War in Lebanon and paintballs in the UK. Andrew North tours the best of the World Wide Web
Tragic Site: The Web has become a global billboard for anyone to express their feelings when tragedy or disaster befalls them. So it is no surprise to find that the home page of the Lebanese Club at the Massachussetts Institute of Technology (http://www.mit.edu:8001/ activities/lebanon/leb.html) has been "painted" black, in "mourning for the atrocities happening in Lebanon."

"UN soldiers cried, reporters collapsed as they glimpse pieces that were once human beings. From the other end, not even an apology was heard, justifications, justifications." This is just a taste of the commentary on the killing of over 100 Lebanese civilians in the Qana UN camp, after it was hit by Israeli artillery shells. It is followed by a dark, melancholy poem by Lebanon's national poet Kahlil Gibran.

If you want news about the situation in southern Lebanon, there are links to Lebanon's Future TV and the Beirut Home Page, a collection of news and documentary material on the country, as well as various foreign media services.

Arty Site: Artists were one of the first groups to realise the Web's potential for promoting work. So BIG, the Brighton Illustrators Group (http://www.illustrator.org.uk) is being a little generous with the actualite in claiming to be "(probably) the first illustrators' organisation in the world to have its own World Wide Web site". But who cares? BIG offers a wide-ranging collection of illustrations on the site by 35 Brighton or Sussex-based artists.

The aim of BIG's Web site is to promote to potential clients, and you can search by category or look for a particular name. The main categories are cartoons, photo-realistic, wildlife, technical/ architectural, childrens' art and computer graphics. When you click on an individual artist, four thumbnail pictures appear and you can enlarge them if you want to see more.

Sneaky Site: Do you want to grass on your boss, or blow the whistle on someone else you don't like? If so, Whistleblowers UK (http://uk-commerce. com/whistle/index.htm) seems tailor-made for sneaky revenge.

This site promotes itself as being "for people who have a social conscience". Arrive on the homepage and you are asked if you are concerned about policy where you work. "Do you suspect that your company is breaking the law or that public money is being misused ... ?"

Whistleblowers UK invites your confidences. After filling in an online form, you give yourself a codename and it will then investigate. A message section on the Web site gives you feedback, so there is no need for e- mail.

The trouble is there is nothing to identify the organisation running this supergrass service. So there is no way of telling who you are giving information to, or where the responses are coming from. It is run on the server of UK-Commerce.com, which advertises itself as a Web publishing company, but there is no direct link to Whistleblowers from its homepage. Being a conspiracy-minded person, I can only assume it is the spooks from MI5 trawling for subversives.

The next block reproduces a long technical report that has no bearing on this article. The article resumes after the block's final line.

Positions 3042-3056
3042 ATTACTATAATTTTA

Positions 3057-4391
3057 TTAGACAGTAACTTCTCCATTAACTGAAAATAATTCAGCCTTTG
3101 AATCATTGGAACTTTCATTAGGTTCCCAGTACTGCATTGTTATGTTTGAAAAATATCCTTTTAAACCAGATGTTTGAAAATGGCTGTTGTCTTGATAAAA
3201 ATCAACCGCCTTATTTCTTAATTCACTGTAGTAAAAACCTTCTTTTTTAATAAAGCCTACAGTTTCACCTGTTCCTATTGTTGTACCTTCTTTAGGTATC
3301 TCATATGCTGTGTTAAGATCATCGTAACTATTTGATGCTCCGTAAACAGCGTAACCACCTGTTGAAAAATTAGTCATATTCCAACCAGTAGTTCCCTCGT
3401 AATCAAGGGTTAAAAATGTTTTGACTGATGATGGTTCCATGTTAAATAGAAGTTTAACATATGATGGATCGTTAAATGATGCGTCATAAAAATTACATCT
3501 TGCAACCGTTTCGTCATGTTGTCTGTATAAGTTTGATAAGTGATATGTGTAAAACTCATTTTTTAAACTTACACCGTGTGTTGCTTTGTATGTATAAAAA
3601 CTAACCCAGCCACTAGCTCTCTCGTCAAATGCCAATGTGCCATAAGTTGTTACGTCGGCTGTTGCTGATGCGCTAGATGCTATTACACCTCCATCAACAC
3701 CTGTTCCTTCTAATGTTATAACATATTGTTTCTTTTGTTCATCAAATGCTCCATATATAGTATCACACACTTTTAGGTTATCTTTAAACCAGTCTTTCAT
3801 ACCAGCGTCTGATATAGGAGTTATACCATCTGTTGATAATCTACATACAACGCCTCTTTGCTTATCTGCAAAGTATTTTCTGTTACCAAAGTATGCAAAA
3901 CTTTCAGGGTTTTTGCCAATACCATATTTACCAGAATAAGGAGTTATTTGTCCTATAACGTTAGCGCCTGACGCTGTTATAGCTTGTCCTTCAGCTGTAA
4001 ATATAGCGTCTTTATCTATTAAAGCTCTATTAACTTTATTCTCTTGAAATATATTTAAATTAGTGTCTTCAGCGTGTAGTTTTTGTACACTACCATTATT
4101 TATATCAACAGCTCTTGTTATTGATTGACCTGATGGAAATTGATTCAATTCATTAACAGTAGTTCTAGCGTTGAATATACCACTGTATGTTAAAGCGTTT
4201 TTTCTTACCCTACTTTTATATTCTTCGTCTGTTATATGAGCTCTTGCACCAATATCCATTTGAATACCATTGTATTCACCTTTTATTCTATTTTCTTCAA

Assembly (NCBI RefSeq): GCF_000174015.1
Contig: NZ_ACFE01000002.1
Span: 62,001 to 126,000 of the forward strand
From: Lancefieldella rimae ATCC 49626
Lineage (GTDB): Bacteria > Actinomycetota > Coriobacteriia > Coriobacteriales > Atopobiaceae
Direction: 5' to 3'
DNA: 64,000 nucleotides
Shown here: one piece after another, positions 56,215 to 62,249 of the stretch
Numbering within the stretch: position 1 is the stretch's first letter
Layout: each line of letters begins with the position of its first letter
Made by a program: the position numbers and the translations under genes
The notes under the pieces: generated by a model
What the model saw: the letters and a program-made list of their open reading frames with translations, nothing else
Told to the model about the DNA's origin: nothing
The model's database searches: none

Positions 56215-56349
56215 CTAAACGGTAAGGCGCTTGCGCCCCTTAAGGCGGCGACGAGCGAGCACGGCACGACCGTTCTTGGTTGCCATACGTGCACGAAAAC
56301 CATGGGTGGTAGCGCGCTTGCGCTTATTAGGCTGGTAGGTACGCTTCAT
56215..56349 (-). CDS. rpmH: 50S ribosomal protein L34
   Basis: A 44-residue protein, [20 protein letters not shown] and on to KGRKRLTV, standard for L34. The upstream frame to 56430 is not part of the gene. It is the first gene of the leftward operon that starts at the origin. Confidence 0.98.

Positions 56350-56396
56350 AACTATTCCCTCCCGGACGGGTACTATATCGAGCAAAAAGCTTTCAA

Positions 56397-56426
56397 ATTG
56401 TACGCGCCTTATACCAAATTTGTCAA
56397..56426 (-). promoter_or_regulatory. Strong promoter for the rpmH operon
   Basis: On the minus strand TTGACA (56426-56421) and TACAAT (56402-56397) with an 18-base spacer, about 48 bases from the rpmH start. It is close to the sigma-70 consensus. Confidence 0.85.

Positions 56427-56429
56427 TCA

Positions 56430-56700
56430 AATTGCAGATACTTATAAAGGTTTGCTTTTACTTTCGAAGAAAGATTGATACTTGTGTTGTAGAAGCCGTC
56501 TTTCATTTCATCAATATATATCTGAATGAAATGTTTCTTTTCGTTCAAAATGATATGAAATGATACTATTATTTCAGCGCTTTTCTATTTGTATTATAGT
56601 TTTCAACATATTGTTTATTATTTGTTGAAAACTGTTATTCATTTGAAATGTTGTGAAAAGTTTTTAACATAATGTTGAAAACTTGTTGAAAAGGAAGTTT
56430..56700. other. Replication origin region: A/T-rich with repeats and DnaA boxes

Cyclists' Site: Planning a cycle holiday in Europe? You could do worse than pedal into the Trento Bike Pages (http:// www -math.science.unitn.it/ Bike/).

The site covers most European countries, including Britain. There is a host of trail descriptions and tour reports, aimed at mountain-bikers and on-road cyclists, and there are contributions from saddle-sore correspondents. The Bike Pages also carry a mixture of cycling literature and events listings, as well as links to other cycling resources on the Net.

Sad Site: Did you know you can be a professional paintball player? Neither did I, until I hooked up to the UK Paintball homepage (http://www.chem. rdg.ac.uk/g50/mmrg/gareth/ukpb/) which is "intended for both the professional player to speak to other pros and to discuss the sport, and to help new or novice players".

But it seems that paintballers are too busy shooting each other with red paint to bother with the Web. "These pages are still looking quite bare," the site's editor wails on the homepage. "I'd hoped that more people would want to contribute, but either I was hoping for too much or apathy has finally set in." But this apathy is afflicting the site editor, too: the pages have not been updated since February.

There is more bad news. Apparently, the European Paintball Sport Federation is running out of money because "too many players are not renewing their membership". The consequences could be dire, the site warns. "If this sport is ever to get recognition, we need a central body and we need to support it."

Research Site: Even by the Web's standards of free access, Research- It! (http://www.iTools. com/research-it/research-it. html) is an astonishing service. Using one online form, you can search English and computer dictionaries, thesauruses, language translators, lists of acronyms, quotations, maps, US phone numbers, postal information, package tracking, currency rates and stock quotes. It will also look up anagrams and conjugate French verbs. And there is an online King James Bible. Hallelujah!

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